Batch digesters based on a container (see photo, above) are feasible on the domestic scale.
Mini Methane Generator Project
Instructions to make a mini methane generator (suit education project) are in the "Methane-Biogas Production Guide" which, along with heaps of other free eBooks on sustainable living, can be accessed free here.

Methane Safety
Like electricity and other energy systems, safety is usually assured so long as the risks are understood and sensible precautions are followed.
Fire or Explosion Risk
Methane is obviously flammable, and can even be explosive. With this in mind...
• The methane generator digester area must be well ventilated to prevent the accumulation of trapped gases.
• In the vicinity of a digester no naked flames are permitted, electrical equipment must be of suitable quality, normally "explosion proof", and other sources of sparks are any iron or steel tools or other items, power tools, normal electrical switches, mobile phones and static electricity kept a safe distance away.
A flame trap should be incorporated in the supply line, which must be of a minimum of 20 m long. Instructions on building a flame trap can be found here.

Asphyxiation Risk
Biogas displaces air, reducing the oxygen level so any digester area needs to be well ventilated.
Disease
While the spent slurry has lost a lot of its pathogens, there’s a lot of microbial activity at work in producing biogas energy!
So avoid contact with the digester contents and wash up thoroughly after working around the methane generator (especially before eating or drinking).
  Biogas Plant  What is Biogas? How Biogas plant made?  How to Use biogas plant? Part 3 of 3

Time
84. It may take up to three weeks or even a month for the waste in your biogas unit to start making gas. After that, gas will be made for about eight weeks.
85. During these eight weeks, half of the gas will be made in the first two or three weeks and the rest in the last five or six weeks.
86. If you find that not much gas is being made in the last weeks, empty the unit and start again.
Cold weather protection
87. If the temperature where you are often falls below 15°C, you will have to keep the waste mixture in your biogas unit warm.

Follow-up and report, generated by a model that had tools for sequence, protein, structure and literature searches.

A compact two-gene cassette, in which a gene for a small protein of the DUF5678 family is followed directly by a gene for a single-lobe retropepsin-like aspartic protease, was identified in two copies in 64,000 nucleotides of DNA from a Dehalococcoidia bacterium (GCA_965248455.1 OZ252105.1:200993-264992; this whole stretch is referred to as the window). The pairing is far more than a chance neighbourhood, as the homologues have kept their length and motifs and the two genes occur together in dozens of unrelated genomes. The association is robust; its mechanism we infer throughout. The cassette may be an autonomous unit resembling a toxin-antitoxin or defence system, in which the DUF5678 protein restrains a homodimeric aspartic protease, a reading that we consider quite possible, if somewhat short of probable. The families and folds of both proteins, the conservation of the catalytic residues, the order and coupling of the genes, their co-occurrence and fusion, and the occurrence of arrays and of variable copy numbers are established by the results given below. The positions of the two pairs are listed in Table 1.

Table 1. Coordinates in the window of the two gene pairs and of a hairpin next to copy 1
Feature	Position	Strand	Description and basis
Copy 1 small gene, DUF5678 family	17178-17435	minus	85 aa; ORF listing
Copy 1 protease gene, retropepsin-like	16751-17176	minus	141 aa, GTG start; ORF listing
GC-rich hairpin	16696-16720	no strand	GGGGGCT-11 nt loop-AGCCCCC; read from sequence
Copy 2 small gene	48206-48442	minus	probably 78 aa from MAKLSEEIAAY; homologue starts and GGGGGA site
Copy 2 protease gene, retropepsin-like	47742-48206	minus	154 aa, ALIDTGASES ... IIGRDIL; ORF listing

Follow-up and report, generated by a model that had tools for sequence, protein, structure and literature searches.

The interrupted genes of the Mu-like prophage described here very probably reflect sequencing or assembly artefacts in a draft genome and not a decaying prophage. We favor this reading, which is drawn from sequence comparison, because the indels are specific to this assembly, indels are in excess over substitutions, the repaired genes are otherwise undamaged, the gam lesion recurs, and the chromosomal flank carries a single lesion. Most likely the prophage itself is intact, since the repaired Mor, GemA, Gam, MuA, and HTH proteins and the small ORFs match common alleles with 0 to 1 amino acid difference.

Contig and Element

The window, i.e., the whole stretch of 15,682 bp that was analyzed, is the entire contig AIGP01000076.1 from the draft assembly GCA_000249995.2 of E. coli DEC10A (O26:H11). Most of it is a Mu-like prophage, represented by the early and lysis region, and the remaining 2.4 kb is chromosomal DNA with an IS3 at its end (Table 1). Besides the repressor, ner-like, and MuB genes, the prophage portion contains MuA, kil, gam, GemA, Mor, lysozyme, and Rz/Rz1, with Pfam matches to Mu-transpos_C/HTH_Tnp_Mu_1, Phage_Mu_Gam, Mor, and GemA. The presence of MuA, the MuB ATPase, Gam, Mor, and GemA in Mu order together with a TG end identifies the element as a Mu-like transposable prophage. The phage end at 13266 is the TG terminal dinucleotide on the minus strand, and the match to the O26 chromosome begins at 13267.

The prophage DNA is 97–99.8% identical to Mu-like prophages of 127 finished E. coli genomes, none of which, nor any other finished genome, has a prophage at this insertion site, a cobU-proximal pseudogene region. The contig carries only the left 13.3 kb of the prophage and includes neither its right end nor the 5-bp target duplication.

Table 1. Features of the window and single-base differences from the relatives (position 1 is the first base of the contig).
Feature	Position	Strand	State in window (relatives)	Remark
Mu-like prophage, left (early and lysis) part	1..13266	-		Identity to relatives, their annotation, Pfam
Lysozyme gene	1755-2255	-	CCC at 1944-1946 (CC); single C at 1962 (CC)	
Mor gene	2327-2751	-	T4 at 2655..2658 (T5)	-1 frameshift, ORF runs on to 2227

88. If you put your biogas unit under the ground or partly under the ground, this will help to keep the waste warm.
bi-f31p21a.GIF
Keep the waste warm
89. You can keep the waste mixture in your biogas unit warm by putting leaves, grass, straw or maize stalks around the large drum.
In this chapter, the most important types of biogas plants are described:



Of these, the two most familiar types in developing countries are the fixed-dome plants and the floating-drum plants. Typical designs in industrialized countries and appropriate design selection criteria have also been considered.

Fixed-dome plants

The costs of a fixed-dome biogas plant are relatively low. It is simple as no moving parts exist. There are also no rusting steel parts and hence a long life of the plant (20 years or more) can be expected. The plant is constructed underground, protecting it from physical damage and saving space. While the underground digester is protected from low temperatures at night and during cold seasons, sunshine and warm seasons take longer to heat up the digester. No day/night fluctuations of temperature in the digester positively influence the bacteriological processes.
The construction of fixed dome plants is labor-intensive, thus creating local employment. Fixed-dome plants are not easy to build. They should only be built where construction can be supervised by experienced biogas technicians. Otherwise plants may not be gas-tight (porosity and cracks).
The basic elements of a fixed dome plant (here the Nicarao Design) are shown in the figure below.

[IMAGE] Fixed dome plant Nicarao design: 1. Mixing tank with inlet pipe and sand trap. 2. Digester. 3. Compensation and removal tank. 4. Gasholder. 5. Gaspipe. 6. Entry hatch, with gastight seal. 7. Accumulation of thick sludge. 8. Outlet pipe. 9. Reference level. 10. Supernatant scum, broken up by varying level.